The formula for calculating value is quite simply the benefit minus the cost of achieving or acquiring the benefit i.e. value + benefit – cost. So it is important that we always use rigorous questioning techniques to uncover as many needs as possible, for which we can offer benefit oriented solutions.
The more needs we can uncover, the more benefits we can deliver, the more benefits the greater the pay back, the greater the pay back the higher the value, the higher the value the better the chance to up sell and cross sell.
Questions will uncover needs – if they are there to be uncovered – however, it is one thing to uncover the need, it is another thing to prove that there is adequate pay back and value in fulfilling the needs.
Having uncovered the needs we must probe and find out as much as we can about those needs and the implications to the customer if they are not met or fulfilled.
What we are trying to establish is the difference between what the customer used to do and how he does it now. If we can establish this then the comparison between what they are presently doing and what they may be able to do based on our solution, will be easier to grasp. This is important, because the difference between them doing something and not doing it is the “value gap. We need to find value gaps that we can attach a price to, so that we can justify the benefit in terms of added value.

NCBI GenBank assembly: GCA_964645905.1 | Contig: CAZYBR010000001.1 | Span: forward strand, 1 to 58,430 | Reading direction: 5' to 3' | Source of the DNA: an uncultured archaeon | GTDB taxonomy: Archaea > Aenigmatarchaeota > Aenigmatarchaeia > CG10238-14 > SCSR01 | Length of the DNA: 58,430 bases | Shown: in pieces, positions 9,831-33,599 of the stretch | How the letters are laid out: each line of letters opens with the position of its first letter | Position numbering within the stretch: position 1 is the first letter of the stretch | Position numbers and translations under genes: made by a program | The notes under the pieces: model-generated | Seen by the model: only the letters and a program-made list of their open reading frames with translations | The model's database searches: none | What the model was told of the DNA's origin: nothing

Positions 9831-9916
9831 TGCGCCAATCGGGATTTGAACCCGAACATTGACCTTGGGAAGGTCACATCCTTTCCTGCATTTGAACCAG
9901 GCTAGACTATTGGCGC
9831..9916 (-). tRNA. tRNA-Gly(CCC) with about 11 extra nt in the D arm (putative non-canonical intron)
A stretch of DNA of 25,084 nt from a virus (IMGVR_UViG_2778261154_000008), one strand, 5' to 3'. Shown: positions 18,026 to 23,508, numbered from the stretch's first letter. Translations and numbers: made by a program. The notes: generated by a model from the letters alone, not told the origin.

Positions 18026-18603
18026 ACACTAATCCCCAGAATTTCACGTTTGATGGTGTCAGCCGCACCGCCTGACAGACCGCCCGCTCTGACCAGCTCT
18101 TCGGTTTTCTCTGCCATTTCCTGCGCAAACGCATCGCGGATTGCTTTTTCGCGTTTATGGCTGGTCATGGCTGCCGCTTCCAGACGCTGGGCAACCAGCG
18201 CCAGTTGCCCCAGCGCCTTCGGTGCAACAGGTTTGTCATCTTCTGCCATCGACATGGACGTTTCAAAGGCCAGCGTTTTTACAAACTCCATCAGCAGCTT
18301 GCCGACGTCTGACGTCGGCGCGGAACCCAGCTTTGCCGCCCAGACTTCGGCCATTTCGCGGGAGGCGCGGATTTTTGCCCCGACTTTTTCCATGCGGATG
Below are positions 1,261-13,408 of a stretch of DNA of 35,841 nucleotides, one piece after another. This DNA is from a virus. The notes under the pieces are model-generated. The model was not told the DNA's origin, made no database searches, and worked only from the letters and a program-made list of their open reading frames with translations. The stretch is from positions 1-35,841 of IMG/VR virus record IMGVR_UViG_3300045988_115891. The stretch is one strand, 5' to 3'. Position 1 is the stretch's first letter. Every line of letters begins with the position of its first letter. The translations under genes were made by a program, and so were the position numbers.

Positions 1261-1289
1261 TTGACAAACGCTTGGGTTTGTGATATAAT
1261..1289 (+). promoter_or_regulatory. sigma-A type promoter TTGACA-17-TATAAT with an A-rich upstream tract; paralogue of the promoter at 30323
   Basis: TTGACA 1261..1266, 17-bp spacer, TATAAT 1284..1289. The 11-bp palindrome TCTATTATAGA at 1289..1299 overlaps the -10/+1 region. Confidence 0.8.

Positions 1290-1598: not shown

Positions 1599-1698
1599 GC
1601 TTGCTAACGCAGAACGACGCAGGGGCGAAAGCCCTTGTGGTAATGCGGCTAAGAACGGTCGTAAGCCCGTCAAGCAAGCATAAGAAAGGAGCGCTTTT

Let’s take an example:
Your support customer used to have a manual stock and inventory system. Using your database for an automated system has enabled them to increase shipments by 20% per day. With the shipments of goods totalling $10,000 per day, the value gap i.e. system or no system, is $2000 per day. If the system is down it would cost $200 to $400 in lost or delayed shipments per hour. Staying as they are or going for a support agreement that would reduce down time is the value gap opportunity. That gap is worth $200 to $400 per hour..
The best product at the best price does not always win the order; we have all been outsold by a competitive salesperson probably offering less of a solution and sometimes even at a higher price.
I do hope that we no longer think about features and benefits, buy rather value.
I can only repeat that the only five words that time-constrained key decision makers want to hear today are: “Save” “Gain” “Increase” Improve” and “Reduce” – these are, or should be, high value statements, but they must be proved!